Source: Getty

Long-Standing Ties Between Armenia and Russia Are Fraying Fast

Russia failed to stop Azerbaijan’s attack on Nagorno-Karabakh and the flight of Karabakh Armenians. Consequently, Armenia will be looking elsewhere for security guarantees.

Published on October 13, 2023

The conflict in the disputed region of Nagorno-Karabakh has not just ended in the worst possible way for Armenia, but for Russia, too. Despite Moscow’s bombastic rhetoric and its criticism of Armenia’s leaders, it’s clear that the failure of Russia’s peacekeeping efforts has jeopardized its long-term presence in the South Caucasus.

The 24 hours of fighting in Nagorno-Karabakh in September that resulted in the capitulation of Karabakh Armenian defense forces to Baku revealed that Azerbaijan was more wary of Western sanctions than Russian military might. Despite being formally allied within the Moscow-led Collective Security Treaty Organization (CSTO), Yerevan will no longer be seeking security guarantees from Moscow.

Armenia is the only post-Soviet country where Russia’s influence has grown steadily since the collapse of the Soviet Union. In 1992, Russian border guards were stationed on Armenia’s borders with Iran and Turkey. In 1995, a large Russian military base was opened in Armenia’s second city of Gyumri. And in 2020, a Russian peacekeeping mission was deployed to Nagorno-Karabakh after the Second Karabakh War.

Russia’s peacekeeping mandate in Nagorno-Karabakh was unclear, however, with its viability resting only on Russia’s continuing political and military authority. In essence, it came down to both sides being unwilling to risk the death of a Russian soldier.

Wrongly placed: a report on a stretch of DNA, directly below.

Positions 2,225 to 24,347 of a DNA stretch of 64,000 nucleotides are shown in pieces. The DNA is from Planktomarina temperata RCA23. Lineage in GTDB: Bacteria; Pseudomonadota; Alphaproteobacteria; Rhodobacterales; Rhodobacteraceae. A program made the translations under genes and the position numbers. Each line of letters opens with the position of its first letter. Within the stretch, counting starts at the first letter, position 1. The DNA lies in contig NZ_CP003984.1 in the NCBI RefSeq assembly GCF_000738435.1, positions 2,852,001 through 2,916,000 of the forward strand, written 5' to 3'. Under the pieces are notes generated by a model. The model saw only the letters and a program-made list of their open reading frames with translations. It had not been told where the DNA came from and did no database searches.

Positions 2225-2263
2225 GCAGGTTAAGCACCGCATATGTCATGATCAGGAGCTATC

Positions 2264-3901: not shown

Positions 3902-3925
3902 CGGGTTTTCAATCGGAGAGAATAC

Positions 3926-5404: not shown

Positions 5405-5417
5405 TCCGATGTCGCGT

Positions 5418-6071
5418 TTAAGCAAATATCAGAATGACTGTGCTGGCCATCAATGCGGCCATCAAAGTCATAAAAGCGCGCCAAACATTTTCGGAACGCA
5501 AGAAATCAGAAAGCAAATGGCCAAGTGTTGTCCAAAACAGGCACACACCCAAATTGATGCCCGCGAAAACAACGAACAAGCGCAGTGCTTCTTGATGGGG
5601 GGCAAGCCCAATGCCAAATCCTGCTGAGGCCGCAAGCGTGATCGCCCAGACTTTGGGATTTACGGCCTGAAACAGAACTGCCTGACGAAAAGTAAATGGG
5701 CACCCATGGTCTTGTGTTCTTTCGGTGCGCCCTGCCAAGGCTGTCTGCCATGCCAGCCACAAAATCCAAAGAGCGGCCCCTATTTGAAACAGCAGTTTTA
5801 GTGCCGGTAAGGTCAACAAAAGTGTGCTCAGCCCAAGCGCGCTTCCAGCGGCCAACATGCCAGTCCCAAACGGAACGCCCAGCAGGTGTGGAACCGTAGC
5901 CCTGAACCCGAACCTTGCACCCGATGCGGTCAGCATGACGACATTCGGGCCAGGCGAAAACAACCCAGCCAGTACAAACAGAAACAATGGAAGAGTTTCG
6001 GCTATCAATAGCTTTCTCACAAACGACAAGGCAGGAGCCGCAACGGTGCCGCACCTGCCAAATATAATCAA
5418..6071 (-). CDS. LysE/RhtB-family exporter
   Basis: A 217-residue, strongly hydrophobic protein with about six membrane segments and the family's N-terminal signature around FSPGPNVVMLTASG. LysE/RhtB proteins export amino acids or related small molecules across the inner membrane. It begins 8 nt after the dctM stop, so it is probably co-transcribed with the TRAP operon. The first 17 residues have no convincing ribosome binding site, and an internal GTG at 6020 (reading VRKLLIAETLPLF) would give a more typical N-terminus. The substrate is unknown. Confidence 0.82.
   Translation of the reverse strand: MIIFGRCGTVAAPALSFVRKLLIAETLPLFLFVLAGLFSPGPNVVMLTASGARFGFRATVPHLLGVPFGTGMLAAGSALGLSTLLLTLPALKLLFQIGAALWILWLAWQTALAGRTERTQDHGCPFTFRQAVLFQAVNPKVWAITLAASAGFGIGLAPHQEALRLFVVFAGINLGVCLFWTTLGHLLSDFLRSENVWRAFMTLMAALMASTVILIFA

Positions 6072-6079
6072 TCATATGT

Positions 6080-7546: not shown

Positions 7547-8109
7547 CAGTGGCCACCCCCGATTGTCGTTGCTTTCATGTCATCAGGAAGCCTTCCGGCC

That all changed with Russia’s invasion of Ukraine in February 2022, which has devoured the Kremlin’s military capabilities and destroyed much of its authority. By the fall of 2022, when Azerbaijan attacked Armenian territory, it was clear Moscow was not willing to intervene. And during the one-day war in Nagorno-Karabakh in September 2023, Moscow showed again that it was not prepared to risk a conflict with Baku (even following the death of Russian soldiers).

Moscow’s attempts to justify its blunders haven’t been convincing. Of course, Russian officials are partially correct when they blame Armenian Prime Minister Nikol Pashinyan for renouncing Armenia’s territorial claims to Nagorno-Karabakh. But, at least formally, Armenia had never advanced such claims. More importantly, it’s unclear why such a statement by Pashinyan would annul Moscow’s guarantee to Karabakh Armenians. After all, Russia’s past recognition of Abkhazia and South Ossetia as part of Georgia, and Transnistria as part of Moldova, did not prevent it from deploying peacekeepers to those regions.

The failure of Russia’s peacekeeping mission in Nagorno-Karabakh—which now looks likely to be wrapped up—puts into question its entire military presence in Armenia. Since the 1990s, that presence has been based on an alignment of interests between Moscow and Yerevan. Now these interests are rapidly diverging.